Sunday, March 20, 2016


An acquaintance of Tony's is road biking when a man in a truck passes him too closely and clips his shoulder. The biker is angry at the too-close encounter and flips his arm angrily at the driver.

The pick-up truck driver pulls in front of the biker, exits his truck and begins his verbal assault. The biker tries to pedal away, but the trucker pushes him over. The biker's feet are clipped into the pedals and he lands hard on the ground, vulnerable, and the trucker continues his attack with kicks and punches.

The biker ends up with broken ribs, cuts and scratches. The trucker ends up with an assault charge. Fortunately, witnesses were close at hand.

When Tony finishes the story, I repeat what I often say in response to any story about road rage, "You never know who has a gun." In this case, the trucker's gun was his short fuse. I add, "You never know a person's situation. Did his girlfriend just break up with him? Did he lose his job? He was looking for a fight."

Indelible in my memory, is the night my father was an angry driver. Before we left for dinner at my aunt and uncle's home, Dad had come home tense.  When a diesel came up close behind him with his brights on, my father over-reacted. In memory of my father's goodness, I will leave it at that--- which forever proved that road rage can over-power the sense of good people.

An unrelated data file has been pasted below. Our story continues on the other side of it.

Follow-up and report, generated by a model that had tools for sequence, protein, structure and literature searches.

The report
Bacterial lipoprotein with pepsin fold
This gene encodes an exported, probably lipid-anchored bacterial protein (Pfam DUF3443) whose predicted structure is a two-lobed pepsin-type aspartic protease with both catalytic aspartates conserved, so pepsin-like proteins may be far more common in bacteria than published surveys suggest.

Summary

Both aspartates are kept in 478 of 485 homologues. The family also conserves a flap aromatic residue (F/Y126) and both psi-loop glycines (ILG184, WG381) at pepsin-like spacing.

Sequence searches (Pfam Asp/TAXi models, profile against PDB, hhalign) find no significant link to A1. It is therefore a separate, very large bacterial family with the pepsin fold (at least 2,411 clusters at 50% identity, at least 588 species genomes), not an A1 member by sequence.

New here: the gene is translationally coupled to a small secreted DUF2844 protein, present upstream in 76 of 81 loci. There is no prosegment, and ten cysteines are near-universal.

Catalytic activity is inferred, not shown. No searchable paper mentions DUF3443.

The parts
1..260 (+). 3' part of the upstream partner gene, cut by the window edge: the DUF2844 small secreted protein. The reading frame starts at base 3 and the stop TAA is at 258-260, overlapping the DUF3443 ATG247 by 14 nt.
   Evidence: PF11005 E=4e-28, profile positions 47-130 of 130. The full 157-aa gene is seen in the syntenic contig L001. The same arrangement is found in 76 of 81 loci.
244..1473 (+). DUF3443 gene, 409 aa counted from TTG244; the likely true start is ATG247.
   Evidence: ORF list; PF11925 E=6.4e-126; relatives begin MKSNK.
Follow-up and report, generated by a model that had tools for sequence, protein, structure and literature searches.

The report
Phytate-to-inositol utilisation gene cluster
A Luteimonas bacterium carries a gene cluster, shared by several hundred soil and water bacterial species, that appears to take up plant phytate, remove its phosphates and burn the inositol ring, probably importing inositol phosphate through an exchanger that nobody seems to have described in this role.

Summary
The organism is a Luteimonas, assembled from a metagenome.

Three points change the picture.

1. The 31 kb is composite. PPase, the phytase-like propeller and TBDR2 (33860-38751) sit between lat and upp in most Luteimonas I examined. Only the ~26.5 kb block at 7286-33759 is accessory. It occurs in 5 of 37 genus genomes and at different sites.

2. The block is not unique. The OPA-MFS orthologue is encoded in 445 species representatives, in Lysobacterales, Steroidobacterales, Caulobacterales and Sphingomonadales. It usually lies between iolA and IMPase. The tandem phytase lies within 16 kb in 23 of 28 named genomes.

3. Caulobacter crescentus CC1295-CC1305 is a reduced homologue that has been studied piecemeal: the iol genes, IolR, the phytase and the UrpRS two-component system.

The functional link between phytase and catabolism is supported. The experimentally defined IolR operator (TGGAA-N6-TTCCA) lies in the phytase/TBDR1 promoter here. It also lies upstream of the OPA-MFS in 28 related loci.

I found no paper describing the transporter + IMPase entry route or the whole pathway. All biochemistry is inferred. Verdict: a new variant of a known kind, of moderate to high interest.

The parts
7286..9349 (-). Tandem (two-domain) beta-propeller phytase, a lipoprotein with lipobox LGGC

To Tony's credit, he told me the story to validate my repeated warnings to him, because  he used to let bad drivers get to him. Yet, I don't need validation to keep up my fight against road rage. When we lived in Los Angeles, there was a rash of road rage that resulted in a few drivers who pulled out guns and shot the offending drivers. The birth of my aphorism: You never know who has a gun and is looking for the slightest provocation to use it.

Tony created his own way to deal with drivers who tempted his good nature and patience. My best friend in high school, Melissa, is a delightful, loveable person with some wickedly bad driving skills and weakened peripheral vision. When I rode in her passenger seat, I saw the trail of angry drivers which she was completely unaware of. Tony imagines the driver who almost ran him off the road is Melissa.

And me? Every driver who mistakes the fast left lane for the left-turning-lane, and causes me to slam on my brakes, I see as my father driving in his later years. I'm filled with compassion and patience for someone who could be going through the same decline as him.

Bottom line: driving defensively is more than a catch phrase-- it's a necessary skill--as necessary as  patience and self-control.